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Thicknesser or planer or Combi??

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gidon

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Hi

I've posted a variation of this on rec.woodworking but thought I might get more relevant responses here!

Here goes:

This has been discussed before but I would be grateful for some current
advice - and less confusion!
I am trying to decide on whether to get a thicknesser, a planer or a
thicknesser/planer combination machine.
I am tempted by a Dewalt DW733 thicknesser - but there seems to be a split in opinion on whether such a machine can be used for wood prep without a planer (jointer). The problem is planers (jointers) as wide (12") as this thicknesser tend to be very expensive. If I can get by with just this
thicknesser that'd be great - would appreciate your advice. Some say you
cannot get two parallel sides with just a thicknesser - but then if you have
a planer which is only 6" wide (which most seem to be) - this is your new
limit and they'd be no point having a 12" thicknesser surely??

The other possibility is a combi machine popular here in the UK. The problem is these are more expensive (double the price of the DW733) and not as wide (max 10").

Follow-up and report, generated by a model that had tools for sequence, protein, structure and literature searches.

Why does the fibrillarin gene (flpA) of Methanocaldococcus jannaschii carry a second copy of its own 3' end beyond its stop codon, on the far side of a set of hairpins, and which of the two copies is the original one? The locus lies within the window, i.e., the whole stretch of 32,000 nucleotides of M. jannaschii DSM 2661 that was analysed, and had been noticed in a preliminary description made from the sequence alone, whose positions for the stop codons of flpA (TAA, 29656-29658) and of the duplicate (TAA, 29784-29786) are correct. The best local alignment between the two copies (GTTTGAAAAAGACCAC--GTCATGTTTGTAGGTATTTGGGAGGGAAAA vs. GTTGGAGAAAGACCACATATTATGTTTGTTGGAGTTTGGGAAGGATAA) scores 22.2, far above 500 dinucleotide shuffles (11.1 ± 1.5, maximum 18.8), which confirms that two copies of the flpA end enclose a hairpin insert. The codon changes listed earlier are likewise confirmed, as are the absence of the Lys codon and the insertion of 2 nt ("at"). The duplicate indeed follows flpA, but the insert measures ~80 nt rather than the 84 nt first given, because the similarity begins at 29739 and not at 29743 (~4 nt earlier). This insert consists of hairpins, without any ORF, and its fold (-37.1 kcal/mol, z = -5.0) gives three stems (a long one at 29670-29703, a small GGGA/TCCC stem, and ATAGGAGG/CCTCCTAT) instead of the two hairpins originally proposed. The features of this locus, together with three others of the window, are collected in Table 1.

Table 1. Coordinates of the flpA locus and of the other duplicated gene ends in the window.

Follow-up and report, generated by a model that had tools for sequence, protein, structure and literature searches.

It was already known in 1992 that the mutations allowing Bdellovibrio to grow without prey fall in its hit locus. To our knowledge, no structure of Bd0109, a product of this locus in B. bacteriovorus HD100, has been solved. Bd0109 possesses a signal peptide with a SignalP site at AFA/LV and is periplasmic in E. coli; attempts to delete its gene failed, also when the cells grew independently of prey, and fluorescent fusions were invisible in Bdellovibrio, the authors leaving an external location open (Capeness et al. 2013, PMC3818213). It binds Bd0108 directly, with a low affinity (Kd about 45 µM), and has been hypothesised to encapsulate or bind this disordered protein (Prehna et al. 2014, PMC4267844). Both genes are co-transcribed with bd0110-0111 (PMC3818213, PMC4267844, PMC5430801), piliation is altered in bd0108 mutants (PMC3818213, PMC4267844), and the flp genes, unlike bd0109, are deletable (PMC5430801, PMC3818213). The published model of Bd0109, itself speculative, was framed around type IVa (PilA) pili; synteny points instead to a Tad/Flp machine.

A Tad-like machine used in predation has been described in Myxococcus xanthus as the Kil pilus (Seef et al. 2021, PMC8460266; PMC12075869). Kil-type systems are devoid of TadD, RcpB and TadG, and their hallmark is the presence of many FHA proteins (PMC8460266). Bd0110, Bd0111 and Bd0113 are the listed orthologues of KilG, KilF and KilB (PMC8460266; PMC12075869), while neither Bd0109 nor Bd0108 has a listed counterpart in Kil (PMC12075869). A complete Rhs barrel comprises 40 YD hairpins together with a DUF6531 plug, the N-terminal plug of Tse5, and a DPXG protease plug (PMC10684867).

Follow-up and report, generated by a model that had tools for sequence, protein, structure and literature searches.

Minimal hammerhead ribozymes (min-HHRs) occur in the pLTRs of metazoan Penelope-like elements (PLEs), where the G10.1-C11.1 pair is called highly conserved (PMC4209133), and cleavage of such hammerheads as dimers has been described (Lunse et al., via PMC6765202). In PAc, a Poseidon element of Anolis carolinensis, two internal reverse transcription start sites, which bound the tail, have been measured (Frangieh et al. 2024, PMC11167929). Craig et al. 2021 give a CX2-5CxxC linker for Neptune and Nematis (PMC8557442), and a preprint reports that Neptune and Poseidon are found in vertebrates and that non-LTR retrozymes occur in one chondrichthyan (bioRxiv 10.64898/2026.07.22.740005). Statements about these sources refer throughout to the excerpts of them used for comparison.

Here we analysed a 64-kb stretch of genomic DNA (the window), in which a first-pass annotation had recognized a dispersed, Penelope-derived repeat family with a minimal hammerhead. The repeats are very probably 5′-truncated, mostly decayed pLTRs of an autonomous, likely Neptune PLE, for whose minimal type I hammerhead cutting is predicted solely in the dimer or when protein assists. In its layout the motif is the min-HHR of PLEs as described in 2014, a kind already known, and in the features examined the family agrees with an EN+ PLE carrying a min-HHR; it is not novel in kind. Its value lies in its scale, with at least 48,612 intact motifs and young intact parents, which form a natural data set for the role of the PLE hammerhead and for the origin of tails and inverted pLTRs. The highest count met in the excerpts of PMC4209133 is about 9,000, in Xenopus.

So my choices

Just thicknesser (US planer I think!): Dewalt DW 733 (can get new £300
ebay.co.uk)
above + Planer (US jointer): Rexon 1560 (£200 screwfix) or Axminster CT150
(£400)
Or combi: Electra Beckum 260 (£600+) or Sheppach 260 (700+)

Sorry if a confusing e-mail - but hopefully you get my drift.

Cheers

Gidon
 

johnelliott

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If you are converting kiln dried hardwood, then you are right, a thicknesser on its own will be as much use as a ***** in a ******* etc

You MUST get one face flat before you have a chance of getting the other face flat AND parallel to the first.

I personally prefer the combination 10x6 machines. 10 inches will handle most of the KD hardwood you will come across whereas 6 inches won't. I used to have a Kity 1637, and recently when I decided in needed a planer I bought another one from MTS for £820 incl delivery, the best price I could find. The Kity is the next step up from other 10x6 and is worth the extra money. It is accurate, heavy and sturdy, something you will need when you plane the edge of a 5 foot plank

John
 
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Anonymous

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I have a Rexon 1560 and am well please with it, and I have a Delta thicknesser which also works well for me. It is a bit of a pain ripping everything down to 6" widths before planing the first surface on the jointer, but I have limited space, so need to be able to move tools arond the shop easily. Budget was also a consideration. My jointer cost about £200 & the thicknesser about £300. I often rip the planks down to a shade under 6" and can then run 2 in parallel through the thicknesser